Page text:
The results from the tests show the herd is free of both BVD and Johnes Disease, so our cattle health status is restored. We are always a little anxious about having the last disease in the herd as there is a view that it can be linked to Chrons Disease in humans.
The last of our lambs from last year went midweek, and on Friday the breeding flock were drenched in order to minimise cobalt and selenium problems. Although they are in good condition, hard feeding will start now as lambing is fast approaching.
Our two steers which are getting close to the 30-month level will go next week into the organic market, and next week all the cattle will go out onto the fields – even if at this stage we are not certain where!
With lambing so close the barn has to be cleared, disinfected and made ready for its next use. It’s quite amazing how quickly these annual events come around.
Apart from the odd patch of snow on the northern side of hedges, and the small piles of snow built up where the roads were cleared, the mild weather we now have, will hopefully get the grass growing rapidly, although the heavy rain on Friday night was certainly not needed!
Given that on Tuesday evening immobility hit me again it is a great relief that all the paperwork needed for the postponed Soil Association inspection requires little further work from me. It’s not my back this time but a dislocated pelvis which the chiropractor hammered free on Friday morning so just, hopefully, a short period of pain before normal life resumes.
As always there is a silver lining. With the manual for higher tier Stewardship running to 159 pages and many annexes to read, a couple of days in bed might help!
This time in my pain I turned to Hayden’s piano and violin concertos and found I enjoyed them very much. They may not hit the heights of Mozart but on the positive side are not so cluttered with cadenza’s, designed more to show off virtuosity than add to the basic work.
Time for reflection has left me wondering whether a personal significant review of Luther’s contribution might be appropriate. Were not Erasmus and Zwingli at least as critical at this time? He was not the first to see merit in the bible being written in the vernacular, he was not the first to identify the weaknesses of the behaviour of the papacy and clergy. He may have replaced the position of the pope in the church hierarchy but actually instituted an approach which in due course replaced the pope with the state. His role in the peasant rebellions of the early 1500’s and background tole in ‘The Thirty-Year War’ which tore apart Europe in 1600’s was a tragedy, and he was undoubtedly a catalyst for this, and he himself was a dictatorial character, certain of his own rectitude and a man of unpleasant prejudice. Nonetheless I have to applaud the great choral music he inspired in composers like Bach. (See the Harvard theological review of April 1917).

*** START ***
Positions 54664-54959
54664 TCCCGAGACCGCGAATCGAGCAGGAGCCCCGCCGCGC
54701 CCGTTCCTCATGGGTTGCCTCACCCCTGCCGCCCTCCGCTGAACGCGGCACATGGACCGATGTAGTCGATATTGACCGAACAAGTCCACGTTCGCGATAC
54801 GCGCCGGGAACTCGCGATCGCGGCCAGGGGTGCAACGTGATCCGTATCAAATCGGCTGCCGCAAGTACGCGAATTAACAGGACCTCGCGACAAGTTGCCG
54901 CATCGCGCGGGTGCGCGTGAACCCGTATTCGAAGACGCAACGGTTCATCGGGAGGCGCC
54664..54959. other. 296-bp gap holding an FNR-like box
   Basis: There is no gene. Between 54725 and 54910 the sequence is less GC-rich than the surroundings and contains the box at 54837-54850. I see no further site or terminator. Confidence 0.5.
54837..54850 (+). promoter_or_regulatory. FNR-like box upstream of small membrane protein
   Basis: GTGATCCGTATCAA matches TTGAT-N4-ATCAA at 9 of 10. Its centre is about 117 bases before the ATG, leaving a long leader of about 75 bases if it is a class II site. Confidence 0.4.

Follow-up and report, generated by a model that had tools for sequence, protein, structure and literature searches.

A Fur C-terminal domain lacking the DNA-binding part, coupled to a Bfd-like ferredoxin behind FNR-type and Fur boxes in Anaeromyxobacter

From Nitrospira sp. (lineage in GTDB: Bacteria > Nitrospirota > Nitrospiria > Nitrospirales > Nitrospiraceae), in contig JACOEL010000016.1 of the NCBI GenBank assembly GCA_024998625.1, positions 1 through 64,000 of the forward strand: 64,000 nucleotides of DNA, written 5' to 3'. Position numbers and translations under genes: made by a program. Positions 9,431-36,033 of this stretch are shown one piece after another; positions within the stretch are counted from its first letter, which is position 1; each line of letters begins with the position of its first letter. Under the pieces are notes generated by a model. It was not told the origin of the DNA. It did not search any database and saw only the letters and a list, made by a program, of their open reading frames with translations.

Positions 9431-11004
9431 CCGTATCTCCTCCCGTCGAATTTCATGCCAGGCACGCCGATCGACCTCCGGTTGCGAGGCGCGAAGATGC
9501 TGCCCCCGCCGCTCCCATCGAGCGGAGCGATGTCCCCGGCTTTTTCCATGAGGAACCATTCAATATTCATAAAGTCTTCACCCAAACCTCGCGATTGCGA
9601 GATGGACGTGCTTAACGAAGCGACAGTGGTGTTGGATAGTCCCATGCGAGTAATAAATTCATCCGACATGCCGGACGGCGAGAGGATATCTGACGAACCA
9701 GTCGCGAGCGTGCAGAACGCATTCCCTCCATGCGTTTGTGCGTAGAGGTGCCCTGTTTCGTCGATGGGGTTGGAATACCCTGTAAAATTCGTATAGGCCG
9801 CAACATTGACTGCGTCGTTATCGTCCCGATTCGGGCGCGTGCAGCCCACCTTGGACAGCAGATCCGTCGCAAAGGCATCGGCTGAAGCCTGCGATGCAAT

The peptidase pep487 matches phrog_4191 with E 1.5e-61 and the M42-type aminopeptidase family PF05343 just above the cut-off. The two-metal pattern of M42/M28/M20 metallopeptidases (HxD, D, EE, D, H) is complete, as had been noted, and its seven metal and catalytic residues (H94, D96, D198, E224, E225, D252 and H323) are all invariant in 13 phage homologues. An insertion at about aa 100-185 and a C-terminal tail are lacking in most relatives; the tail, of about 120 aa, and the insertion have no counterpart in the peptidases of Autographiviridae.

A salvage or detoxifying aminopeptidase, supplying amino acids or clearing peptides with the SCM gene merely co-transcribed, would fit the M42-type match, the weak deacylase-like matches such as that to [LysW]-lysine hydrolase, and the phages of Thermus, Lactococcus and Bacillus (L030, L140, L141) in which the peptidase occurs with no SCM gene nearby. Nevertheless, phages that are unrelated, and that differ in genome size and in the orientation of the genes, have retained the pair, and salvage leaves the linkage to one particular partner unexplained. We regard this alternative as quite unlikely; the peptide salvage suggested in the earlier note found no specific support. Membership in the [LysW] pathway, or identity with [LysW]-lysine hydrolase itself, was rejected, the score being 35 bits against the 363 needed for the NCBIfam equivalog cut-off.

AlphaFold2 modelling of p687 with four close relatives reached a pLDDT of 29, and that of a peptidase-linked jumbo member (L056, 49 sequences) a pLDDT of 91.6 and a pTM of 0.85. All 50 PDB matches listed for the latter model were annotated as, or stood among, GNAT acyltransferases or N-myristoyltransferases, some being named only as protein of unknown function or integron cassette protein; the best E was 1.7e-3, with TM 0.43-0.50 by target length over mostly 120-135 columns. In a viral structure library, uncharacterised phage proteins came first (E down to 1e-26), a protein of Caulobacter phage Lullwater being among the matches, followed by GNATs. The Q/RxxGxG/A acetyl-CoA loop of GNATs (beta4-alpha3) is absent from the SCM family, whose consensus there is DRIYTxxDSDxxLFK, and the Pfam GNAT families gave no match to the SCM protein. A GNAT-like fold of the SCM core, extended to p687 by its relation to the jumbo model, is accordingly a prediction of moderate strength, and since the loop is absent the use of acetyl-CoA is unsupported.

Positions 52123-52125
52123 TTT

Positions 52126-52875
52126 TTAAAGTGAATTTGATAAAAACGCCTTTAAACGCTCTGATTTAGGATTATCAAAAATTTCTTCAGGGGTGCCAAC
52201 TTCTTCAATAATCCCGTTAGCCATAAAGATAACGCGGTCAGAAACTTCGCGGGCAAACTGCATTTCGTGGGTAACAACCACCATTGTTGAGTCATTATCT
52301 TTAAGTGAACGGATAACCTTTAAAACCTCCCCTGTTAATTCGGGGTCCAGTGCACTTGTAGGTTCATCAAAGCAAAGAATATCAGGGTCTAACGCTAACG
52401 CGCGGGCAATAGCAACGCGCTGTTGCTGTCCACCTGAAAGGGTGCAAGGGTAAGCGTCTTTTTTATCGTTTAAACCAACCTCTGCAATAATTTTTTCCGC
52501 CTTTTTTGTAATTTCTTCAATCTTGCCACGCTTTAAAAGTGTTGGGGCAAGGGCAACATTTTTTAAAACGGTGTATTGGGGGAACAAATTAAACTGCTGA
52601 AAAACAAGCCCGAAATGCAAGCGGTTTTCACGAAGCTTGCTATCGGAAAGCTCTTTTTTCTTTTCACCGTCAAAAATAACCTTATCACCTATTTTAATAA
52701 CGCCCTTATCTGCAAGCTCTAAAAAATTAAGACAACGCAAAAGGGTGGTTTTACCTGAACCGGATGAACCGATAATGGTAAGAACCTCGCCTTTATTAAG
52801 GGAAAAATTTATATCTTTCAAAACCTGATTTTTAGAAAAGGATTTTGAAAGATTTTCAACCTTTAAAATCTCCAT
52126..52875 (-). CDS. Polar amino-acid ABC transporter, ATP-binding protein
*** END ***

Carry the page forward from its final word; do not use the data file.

Beatriz this week has had several excursions. Her comments included not only how green England was but how ‘bendy’ our roads are. We can’t disagree, and indeed, whatever one thinks of G.K.Chesteron’s political views and his love of the pub, he wrote some great poems and novels, and one poem stands out – The Rolling English Road. So, for Beatriz, here it is:
Before the Roman came to Rye or out to Severn strode,
The rolling English drunkard made the rolling English road.
A reeling road, a rolling road, that rambles round the shire,
And after him the parson ran, the sexton and the squire;
A merry road, a mazy road, and such as we did tread
The night we went to Birmingham by way of Beachy Head.
I knew no harm of Bonaparte and plenty of the Squire,
And for to fight the Frenchman I did not much desire;
But I did bash their baggonets because they came arrayed
To straighten out the crooked road an English drunkard made,
Where you and I went down the lane with ale-mugs in our hands,
The night we went to Glastonbury by way of Goodwin Sands.
His sins they were forgiven him; or why do flowers run
Behind him; and the hedges all strengthening in the sun?
The wild thing went from left to right and knew not which was which,
But the wild rose was above him when they found him in the ditch.
God pardon us, nor harden us; we did not see so clear
The night we went to Bannockburn by way of Brighton Pier.
My friends, we will not go again or ape an ancient rage,
Or stretch the folly of our youth to be the shame of age,
But walk with clearer eyes and ears this path that wandereth,
And see undrugged in evening light the decent inn of death;
For there is good news yet to hear and fine things to be seen,
Before we go to Paradise by way of Kensal Green.